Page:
|Publication number||US5141333 A|
|Application number||US 07/691,887|
|Publication date||Aug 25, 1992|
|Filing date||Apr 26, 1991|
|Priority date||Apr 26, 1991|
|Publication number||07691887, 691887, US 5141333 A, US 5141333A, US-A-5141333, US5141333 A, US5141333A|
|Inventors||Sylvain L. Ndebi, Robert D. Bobo, Socrates Hryhorenko|
|Original Assignee||Eastman Kodak Company|
|Export Citation||BiBTeX, EndNote, RefMan|
|Patent Citations (4), Referenced by (6), Classifications (7), Legal Events (7)|
|External Links: USPTO, USPTO Assignment, Espacenet|
This invention relates to a device for monitoring the temperature of a moving surface. The invention is particularly useful in monitoring the temperature of a roller in a toner fusing apparatus.
Our prior U.S. Pat. No. 5,019,692, issued May 28, 1990 describes a problem in monitoring the surface of a roller in a heated pressure roller fuser. Typical contact monitors in such devices involve a thermistor embedded in or in contact with a carbon shoe that rides on the surface of the roller. The carbon shoe is used to reduce wear to both the roller surface and the sensing device. However, the carbon slides on the roller and both it and the roller wear. In our prior application we disclosed a roller sensing device in which a metallic roller rolls on the surface to be monitored and contains a variety of structures inside which monitors the temperature of the roller. This greatly reduces wear to both the heated roller and the sensing device.
Temperature control of heated roller fusers has always been adversely affected by any delay in response time of a device sensing the fusing surface. Delay in sensing temperature change causes the phenomena of "droop" and "overshoot" well known to those in the art.
U.S. Pat. No. 2,947,171, Peltola, issued Aug. 2, 1960, also shows a roller temperature sensing device containing a thermistor on the roller axis. This device requires full heating of the entire arrangement including heating of the air inside the roller to fully sense an increase in temperature. This aspect of its design adversely affects its response time.
It would be desirable to improve both the response time and the cost of these prior devices.
It is the object of the invention to provide a roller type device for sensing the temperature of a moving surface which device has a fast response and is inexpensive to manufacture.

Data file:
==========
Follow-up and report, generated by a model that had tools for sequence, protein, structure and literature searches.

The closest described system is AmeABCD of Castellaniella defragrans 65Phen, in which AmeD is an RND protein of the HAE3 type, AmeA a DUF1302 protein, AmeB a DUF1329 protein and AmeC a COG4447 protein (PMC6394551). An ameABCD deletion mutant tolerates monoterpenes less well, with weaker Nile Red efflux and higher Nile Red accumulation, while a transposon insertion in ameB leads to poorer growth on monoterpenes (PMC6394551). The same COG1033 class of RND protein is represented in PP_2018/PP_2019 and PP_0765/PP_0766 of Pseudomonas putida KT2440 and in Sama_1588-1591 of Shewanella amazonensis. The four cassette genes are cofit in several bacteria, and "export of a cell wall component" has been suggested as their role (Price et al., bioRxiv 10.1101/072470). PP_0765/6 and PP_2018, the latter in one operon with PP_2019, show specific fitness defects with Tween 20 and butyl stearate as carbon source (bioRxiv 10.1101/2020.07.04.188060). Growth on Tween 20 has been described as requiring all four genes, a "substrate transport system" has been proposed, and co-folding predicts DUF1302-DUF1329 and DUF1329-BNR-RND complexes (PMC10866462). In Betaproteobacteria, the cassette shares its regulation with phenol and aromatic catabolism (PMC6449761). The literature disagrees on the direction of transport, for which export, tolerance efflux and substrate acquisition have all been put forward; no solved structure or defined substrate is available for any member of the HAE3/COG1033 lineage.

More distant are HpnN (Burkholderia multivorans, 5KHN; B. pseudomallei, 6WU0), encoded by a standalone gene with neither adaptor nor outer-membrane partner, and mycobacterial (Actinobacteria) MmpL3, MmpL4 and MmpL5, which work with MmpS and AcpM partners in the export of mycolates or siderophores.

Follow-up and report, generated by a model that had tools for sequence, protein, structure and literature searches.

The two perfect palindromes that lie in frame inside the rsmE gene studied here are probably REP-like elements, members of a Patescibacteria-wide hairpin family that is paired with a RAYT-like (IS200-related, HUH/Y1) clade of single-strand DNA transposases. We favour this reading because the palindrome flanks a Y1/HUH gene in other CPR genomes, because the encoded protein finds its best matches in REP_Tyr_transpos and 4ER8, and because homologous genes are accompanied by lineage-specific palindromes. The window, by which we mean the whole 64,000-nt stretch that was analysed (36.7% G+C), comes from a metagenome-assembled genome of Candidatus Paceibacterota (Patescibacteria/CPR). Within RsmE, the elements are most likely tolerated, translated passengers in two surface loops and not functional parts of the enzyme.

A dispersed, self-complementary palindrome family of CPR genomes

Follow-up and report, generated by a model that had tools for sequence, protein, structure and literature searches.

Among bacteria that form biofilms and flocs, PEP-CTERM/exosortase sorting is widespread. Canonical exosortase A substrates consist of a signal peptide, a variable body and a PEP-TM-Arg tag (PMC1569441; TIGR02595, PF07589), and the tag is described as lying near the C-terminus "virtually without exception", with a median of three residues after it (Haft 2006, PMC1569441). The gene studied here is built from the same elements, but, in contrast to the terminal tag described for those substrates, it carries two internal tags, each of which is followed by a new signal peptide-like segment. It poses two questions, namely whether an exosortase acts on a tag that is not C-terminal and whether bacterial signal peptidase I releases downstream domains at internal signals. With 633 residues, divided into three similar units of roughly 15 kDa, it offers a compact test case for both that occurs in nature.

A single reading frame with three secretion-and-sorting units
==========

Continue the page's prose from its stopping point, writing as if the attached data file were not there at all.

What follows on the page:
This and other objects are accomplished by a roller sensor which rolls on the moving surface. The roller sensor is made up of at least two thermocouple and shaped and positioned to simultaneously contact the surface to be monitored as the roller rolls on that surface. A change in voltage between the thermocouple materials caused by a change in temperature of the moving surface is electrically monitored to provide an indication of change in temperature of the moving surface.
According to a preferred embodiment of the invention, virtually the entire roller is constructed of two thermocouple materials arranged side-by-side.
In the detailed description of the preferred embodiment of the invention presented below, reference is made to the accompanying drawings, in which:
FIG. 1 is a first schematic of a fusing apparatus for fixing toner images to a receiving sheet and illustrating the use of a temperature monitoring device for monitoring the temperature of a surface of a roller which roller forms a component of the fusing apparatus.
FIG. 2 is a side section of the temperature sensing device shown in FIG. 1 with some portions shown schematically.
According to FIG. 1 a conventional heated roller fuser 1 includes a heated fusing roller 2 and a pressure roller 3 well known in the art. Typically, fusing roller 2 is internally heated to a temperature sufficient to soften toner on a sheet fed between the rollers 2 and 3. Roller 2 can be made of an aluminum core covered by relatively thick silicone rubber elastomer having an outside surface 7 which is resistant to offset of toner. Pressure roller 3 can also have an aluminum core and an outside surface also resistant to offset of toner. Fusing apparatus are also known in which the roller contacting the backside of the sheet. It is also known to heat both rollers and to fuse toner images on both sides of the sheet simultaneously. In such devices it is known to cover both rollers with different thicknesses of compliant material. This invention is usable in all such fusing apparatus.
At least one roller is heated either softening toner. An important aspect of a good fuser is careful control of the surface temperature of both rollers, particularly the roller contacting the toner to be fused.
A roller sensing device 4 is spring urged into continuous contact with surface 7 and is rolled by surface 7 as roller 2 rotates. Device 4 has the substantial advantage of causing negligible wear to either itself or to surface 7.
Prior roller sensing devices which position a thermistor axially within the roller require full heating of the air inside the roller before a temperature change can be monitored. Any delay in response time will necessarily cause an overshoot or droop in control of the temperature of surface 7.